Mosul Vote Hampered By Suspiciously Unexplained Bureaucratic Red-Tape
Another revealing piece of information, from Fayrouz this time. Observe the shambles we call blogger unity as we work together slowly to peel back the curtain on events and cast a little of our blog light.
One of my concerns originally when I heard about this whole (halts self) about these elections was a statement months ago that elections would not happen in some areas of Iraq. At that time those areas seemed to be areas like Fallujah and Ramadi, and maybe parts of Mosul. Which has grave implications for proportional representation, when certain significant areas aren't even represented at all.
Anyway, Iraqi's have been taking to the streets in villages around Mosul where voting has not taken place yet. These people do not sound like they are going to suffer any weak excuse for having their electorate tampered with. "The desire to vote is great" stresses Father Ganni to Asianews.
Goodness. What an election. So far everything seems to have gone according to plan ~ the voters are happy, the not-voters put in a good non-showing, the resistance protected the polling booths (theoretically, some of them anyway) the rest of the world's press showed up to neutrally observe, the skeptics stood their ground under duress (yes we like balance, an equal proportion of skeptics and believers is what keeps democracy ticking, like a metronome) and Iraqi's are taking to the streets to uphold their rights.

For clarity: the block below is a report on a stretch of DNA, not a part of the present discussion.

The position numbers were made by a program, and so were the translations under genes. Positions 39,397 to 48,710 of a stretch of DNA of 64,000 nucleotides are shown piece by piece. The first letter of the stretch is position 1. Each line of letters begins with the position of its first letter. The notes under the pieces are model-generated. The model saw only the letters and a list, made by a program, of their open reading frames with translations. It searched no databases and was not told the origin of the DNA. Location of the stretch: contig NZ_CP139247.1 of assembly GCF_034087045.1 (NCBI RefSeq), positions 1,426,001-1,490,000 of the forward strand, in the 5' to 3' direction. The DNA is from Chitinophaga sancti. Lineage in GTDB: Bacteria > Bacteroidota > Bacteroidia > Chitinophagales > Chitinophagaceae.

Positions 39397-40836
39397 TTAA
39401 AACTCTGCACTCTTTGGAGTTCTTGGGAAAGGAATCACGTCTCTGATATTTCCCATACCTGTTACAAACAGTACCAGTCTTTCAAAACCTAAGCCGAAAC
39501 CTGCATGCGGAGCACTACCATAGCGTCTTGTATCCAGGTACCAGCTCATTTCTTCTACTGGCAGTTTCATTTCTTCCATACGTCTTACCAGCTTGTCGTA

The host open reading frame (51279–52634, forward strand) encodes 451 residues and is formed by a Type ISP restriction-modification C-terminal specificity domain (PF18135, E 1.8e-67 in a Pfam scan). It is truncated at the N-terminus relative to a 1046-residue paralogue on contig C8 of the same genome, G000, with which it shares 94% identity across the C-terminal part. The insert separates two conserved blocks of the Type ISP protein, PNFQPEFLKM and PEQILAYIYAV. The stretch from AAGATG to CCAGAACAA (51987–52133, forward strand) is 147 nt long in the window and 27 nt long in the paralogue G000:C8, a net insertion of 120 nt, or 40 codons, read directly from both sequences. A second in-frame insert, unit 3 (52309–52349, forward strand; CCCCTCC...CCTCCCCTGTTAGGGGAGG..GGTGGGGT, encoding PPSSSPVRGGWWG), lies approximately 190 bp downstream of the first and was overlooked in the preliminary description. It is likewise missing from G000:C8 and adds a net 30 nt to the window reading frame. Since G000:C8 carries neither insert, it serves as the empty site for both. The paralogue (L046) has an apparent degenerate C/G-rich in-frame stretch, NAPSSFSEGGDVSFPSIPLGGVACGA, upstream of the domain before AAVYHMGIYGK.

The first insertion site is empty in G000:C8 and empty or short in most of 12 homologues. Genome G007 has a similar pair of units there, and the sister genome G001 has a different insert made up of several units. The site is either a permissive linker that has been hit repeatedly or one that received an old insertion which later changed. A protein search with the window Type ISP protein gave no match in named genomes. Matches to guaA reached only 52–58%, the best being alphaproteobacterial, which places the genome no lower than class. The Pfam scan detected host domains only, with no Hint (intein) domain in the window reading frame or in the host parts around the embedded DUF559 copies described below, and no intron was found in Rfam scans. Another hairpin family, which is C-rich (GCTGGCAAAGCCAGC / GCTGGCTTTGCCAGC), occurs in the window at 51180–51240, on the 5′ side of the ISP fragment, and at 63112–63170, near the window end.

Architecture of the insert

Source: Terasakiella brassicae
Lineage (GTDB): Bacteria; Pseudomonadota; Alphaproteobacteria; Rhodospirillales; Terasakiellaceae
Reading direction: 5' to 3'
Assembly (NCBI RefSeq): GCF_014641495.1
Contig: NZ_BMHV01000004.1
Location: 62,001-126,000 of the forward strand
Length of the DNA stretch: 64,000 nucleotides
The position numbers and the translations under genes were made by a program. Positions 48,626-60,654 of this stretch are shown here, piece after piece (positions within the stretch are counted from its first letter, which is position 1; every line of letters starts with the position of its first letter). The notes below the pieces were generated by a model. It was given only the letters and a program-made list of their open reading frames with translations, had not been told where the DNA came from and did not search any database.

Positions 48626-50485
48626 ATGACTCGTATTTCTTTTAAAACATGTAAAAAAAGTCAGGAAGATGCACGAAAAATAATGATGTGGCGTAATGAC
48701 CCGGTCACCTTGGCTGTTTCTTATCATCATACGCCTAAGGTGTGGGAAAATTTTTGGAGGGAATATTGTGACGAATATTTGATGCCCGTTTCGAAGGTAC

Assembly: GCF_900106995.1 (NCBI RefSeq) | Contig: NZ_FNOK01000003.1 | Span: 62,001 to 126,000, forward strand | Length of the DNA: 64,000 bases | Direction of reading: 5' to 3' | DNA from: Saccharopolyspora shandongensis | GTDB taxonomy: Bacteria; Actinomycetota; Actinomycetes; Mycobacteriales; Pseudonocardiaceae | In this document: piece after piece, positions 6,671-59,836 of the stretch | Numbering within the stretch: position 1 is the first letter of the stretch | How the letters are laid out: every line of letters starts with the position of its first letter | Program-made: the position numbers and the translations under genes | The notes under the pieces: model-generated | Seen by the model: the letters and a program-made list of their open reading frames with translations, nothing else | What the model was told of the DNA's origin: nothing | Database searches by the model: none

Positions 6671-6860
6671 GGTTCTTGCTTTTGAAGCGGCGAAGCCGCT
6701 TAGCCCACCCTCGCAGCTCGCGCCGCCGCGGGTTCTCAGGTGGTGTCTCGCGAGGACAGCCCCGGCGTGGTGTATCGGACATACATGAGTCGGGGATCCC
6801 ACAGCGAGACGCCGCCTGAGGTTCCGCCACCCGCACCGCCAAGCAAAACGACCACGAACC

Come on skeptics cheer them along, you know, do your blog thing ~ murmur "charade" or something. As I said, think metronome.
In summary. The voters voted, and the not-voters stayed behind on lookout duty watching for discrepancies and signs of corruption. And you know what, I think the overall combined effect is great. Some may not realise it now, but Iraq will be far stronger for this. Stronger for the people who braved the trip to the polling booth and stronger for the people who had the strength of conviction to declare boycott and stick by it despite the propaganda wars waged by dubious other bodies. I feel this is a good thing in the long run. It shows balance. It shows people making choices and ultimately building something not dictated by external foreign policy.
Voters and not-voters alike, all have something to be proud of.
Analytical meander ~ If 60 percent of Iraqi's voted evenly between five or six main lists, that averages out to about say 10 to 15 percent of the vote for each list. Now relate those percentages to 40 percent of not-voters. That's a significant and unified portion of the vote. Imagine if there were a box on the ballot paper that people could have ticked which said "not-vote". Imagine if that little box were on every ballot paper globally ~ now that would make an interesting election, wouldn't it.